We want that book selling must be increased as much as possible. This we want. It is the same principle as when a child must be made to take his medicine. It does not matter if the father has to lie to him to get him to do it, because as soon as the child takes the medicine he will be benefitted. The end justifies the means. The end is that everyone should have a book about Krishna. It does not matter how that is achieved. If someone takes a book about Krishna, that justifies everything. This is the principle. (Room conversation, Honolulu, 75-05-05)

There are furthermore concrete instances in Vaishnava history of persons who stole to serve the deity. Tirumangai Alvar plundered people with a gang of robbers to raise funds to build the Sri Rangam temple. He and his companions even stole a golden image of Buddha from Nagapatnam, melted the idol and used the proceeds to this end. The Sri Vaishnavas take this to be an instance where the end justified the means.

This is all fine in theory. However, it is clear that there is an inherent danger in any doctrine that absolutely subjugates the means to the end. The most fundamental opposition to such a doctrine is that no evil can truly lead to good. Just as one cannot build a good house out of bad materials, you ultimately defeat your own purpose when using bad means, even if the end is good. When a person claiming saintliness takes refuge in dishonesty in order to further what are objectively seen as sectarian ends, does he not undermine his own moral authority? The Catholic catechism says: “No lie can be lawful or innocent, and no motive, however good, can excuse a lie, for a lie is always evil and sinful in itself.”

We have seen the consequences of Iskcon’s no holds barred book distribution and money collection activities. Did the building of a “golden temple” justify the loss of reputation that the Hare Krishna movement has undergone as a result of the means taken to build it? Was the banning of the Hare Krishna movement from Japan for years and years a just tradeoff for the building of the Krishna Balaram temple?

Sadly, I do not doubt that there are some who will answer yes to these questions. Some businessmen use temples as dumping grounds for “black” money, to purify ill-gotten gains, assuage their own conscience and avoid bad karma. This is one reason that many renunciates traditionally kept clear of temple prasad, even in Vrindavan.

Another strong objection against the antinomian theory is the great possibility of its abuse. Illusion is very strong and it is easy for those in positions of authority to think themselves beyond the moral law, even though they are clearly motivated by selfish interests. The roots of the expression “the end justifies the means” are found in Machiavelli’s The Prince, where he argues in favor of political expedience. In the game of power politics or war, the only criterion is success and anything that contributes to success is thought to be justified, but in the realms of religion or moral philosophy, it is vital to discriminate between expediency and moral justification. It is altogether too easy to point again to the history of Iskcon, where those who took the title of acharya felt that they could flaunt basic moral principles as if they had become gods.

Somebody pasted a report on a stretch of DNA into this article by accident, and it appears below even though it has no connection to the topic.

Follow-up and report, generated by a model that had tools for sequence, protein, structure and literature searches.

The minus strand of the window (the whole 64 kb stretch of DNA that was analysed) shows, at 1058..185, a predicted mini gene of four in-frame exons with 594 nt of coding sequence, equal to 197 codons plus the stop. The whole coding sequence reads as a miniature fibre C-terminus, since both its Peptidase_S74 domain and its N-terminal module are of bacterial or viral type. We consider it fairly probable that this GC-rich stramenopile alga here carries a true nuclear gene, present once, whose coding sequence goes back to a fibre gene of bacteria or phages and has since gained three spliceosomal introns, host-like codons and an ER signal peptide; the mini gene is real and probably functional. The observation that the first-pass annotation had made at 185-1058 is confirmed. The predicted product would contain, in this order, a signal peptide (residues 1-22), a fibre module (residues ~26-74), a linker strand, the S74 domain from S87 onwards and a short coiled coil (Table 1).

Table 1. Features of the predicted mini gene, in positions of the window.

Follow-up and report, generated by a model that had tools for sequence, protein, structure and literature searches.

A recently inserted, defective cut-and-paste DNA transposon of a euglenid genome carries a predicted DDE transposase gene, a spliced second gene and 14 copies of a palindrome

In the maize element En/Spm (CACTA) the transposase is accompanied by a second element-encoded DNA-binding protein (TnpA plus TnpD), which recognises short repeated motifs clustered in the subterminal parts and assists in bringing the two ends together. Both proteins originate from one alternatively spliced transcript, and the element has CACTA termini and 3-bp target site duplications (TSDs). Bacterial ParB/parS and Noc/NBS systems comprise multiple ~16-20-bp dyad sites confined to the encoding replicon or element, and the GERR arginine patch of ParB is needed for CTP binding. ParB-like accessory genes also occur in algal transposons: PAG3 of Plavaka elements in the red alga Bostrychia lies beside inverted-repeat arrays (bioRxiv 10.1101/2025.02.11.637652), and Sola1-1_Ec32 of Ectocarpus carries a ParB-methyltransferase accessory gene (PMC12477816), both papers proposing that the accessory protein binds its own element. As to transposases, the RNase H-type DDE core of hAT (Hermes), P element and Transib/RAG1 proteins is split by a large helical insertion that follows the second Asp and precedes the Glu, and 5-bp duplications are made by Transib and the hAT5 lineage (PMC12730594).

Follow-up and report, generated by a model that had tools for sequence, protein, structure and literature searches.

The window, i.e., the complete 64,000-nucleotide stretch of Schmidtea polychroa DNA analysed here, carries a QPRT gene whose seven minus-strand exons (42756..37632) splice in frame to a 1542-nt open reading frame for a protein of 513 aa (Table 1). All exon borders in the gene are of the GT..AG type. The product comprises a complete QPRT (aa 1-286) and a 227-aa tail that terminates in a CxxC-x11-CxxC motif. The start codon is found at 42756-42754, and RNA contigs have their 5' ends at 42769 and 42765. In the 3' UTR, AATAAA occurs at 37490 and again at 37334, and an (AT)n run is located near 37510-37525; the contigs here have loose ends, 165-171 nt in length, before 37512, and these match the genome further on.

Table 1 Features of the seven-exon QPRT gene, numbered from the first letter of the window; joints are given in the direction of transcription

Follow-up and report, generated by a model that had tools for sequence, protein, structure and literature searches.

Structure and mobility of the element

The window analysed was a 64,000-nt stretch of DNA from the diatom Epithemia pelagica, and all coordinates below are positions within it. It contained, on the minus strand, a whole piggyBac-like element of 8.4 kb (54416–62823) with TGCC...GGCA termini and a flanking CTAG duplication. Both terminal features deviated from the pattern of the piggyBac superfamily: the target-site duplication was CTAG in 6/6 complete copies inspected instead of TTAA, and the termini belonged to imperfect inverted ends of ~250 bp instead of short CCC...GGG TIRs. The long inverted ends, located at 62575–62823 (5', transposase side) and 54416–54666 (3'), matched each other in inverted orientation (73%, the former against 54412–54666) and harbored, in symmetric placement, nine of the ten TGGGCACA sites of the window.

The conclusion, then, is a familiar one: even if one is beyond the moral law, one should act morally, if only to set example—yad yad ācarati śreṣṭhas. This is the meaning of the oft-heard statement that an uttama adhikari (who is beyond the moral law) “comes down” to the madhyama stage (where the moral law must be followed) in order to preach. In other words, though the liberated soul is beyond good and evil, the preacher must be solidly identified with good.

This is why, if anything, a preacher must be doubly vigilant to follow more strictly than others. This was true in Chaitanya Mahaprabhu’s time, so why not in this skeptical age when religion is already associated in many minds more with evil than good?

śukla-vastre masi-bindu yaiche nā lukāya
sannyāsīra alpa-chidra sarva loke gāya

A spot of ink on a white cloth cannot be concealed; and everyone loves to gossip about a monk’s tiniest flaws.
It is true that life is complex and that one may be faced with choices that are less than clear cut and have to weigh the lesser of two evils in order to attain an end that is not altogether satisfactory. In fact, as the Gita says, no action is entirely free from some negative consequences. The footsteps of a saintly man walking towards a holy purpose may still destroy an anthill or crush an insect. But the unintentional consequences of a benign act gone wrong are not what is at issue. The end can only justify the means if it can be shown that there is absolute necessity; in other words, where one is constrained to make a choice between two evils—e.g., allowing the baby to die so the mother can live (or vice versa). In the particular case under discussion, I do not believe it can be shown that the three books served an absolutely necessary purpose—i.e., that Bhaktivinode Thakur’s preaching work would have been aversely affected had he acknowledged his own authorship.

Furthermore, if it ever is necessary to break the moral law for a higher purpose, then one is morally obliged to not only justify one’s decision, but to ask forgiveness for the relative harm caused by making it.

On the whole, in this case, the "end justifies the means" line of argument is self-defeating. It is for this reason that my little article has caused such a furor. It is not because I am a scholar only viewing things from the exterior, but because I am asking whether Bhaktivinode Thakur, in this case, lived up to his own standards or to our expectations of him. If we admit that Bhaktivinode wrote these books and ascribed them to ancient authors with even the best of motives, it still invalidates their authority, and thus ultimately undermines whatever purpose they were meant to serve.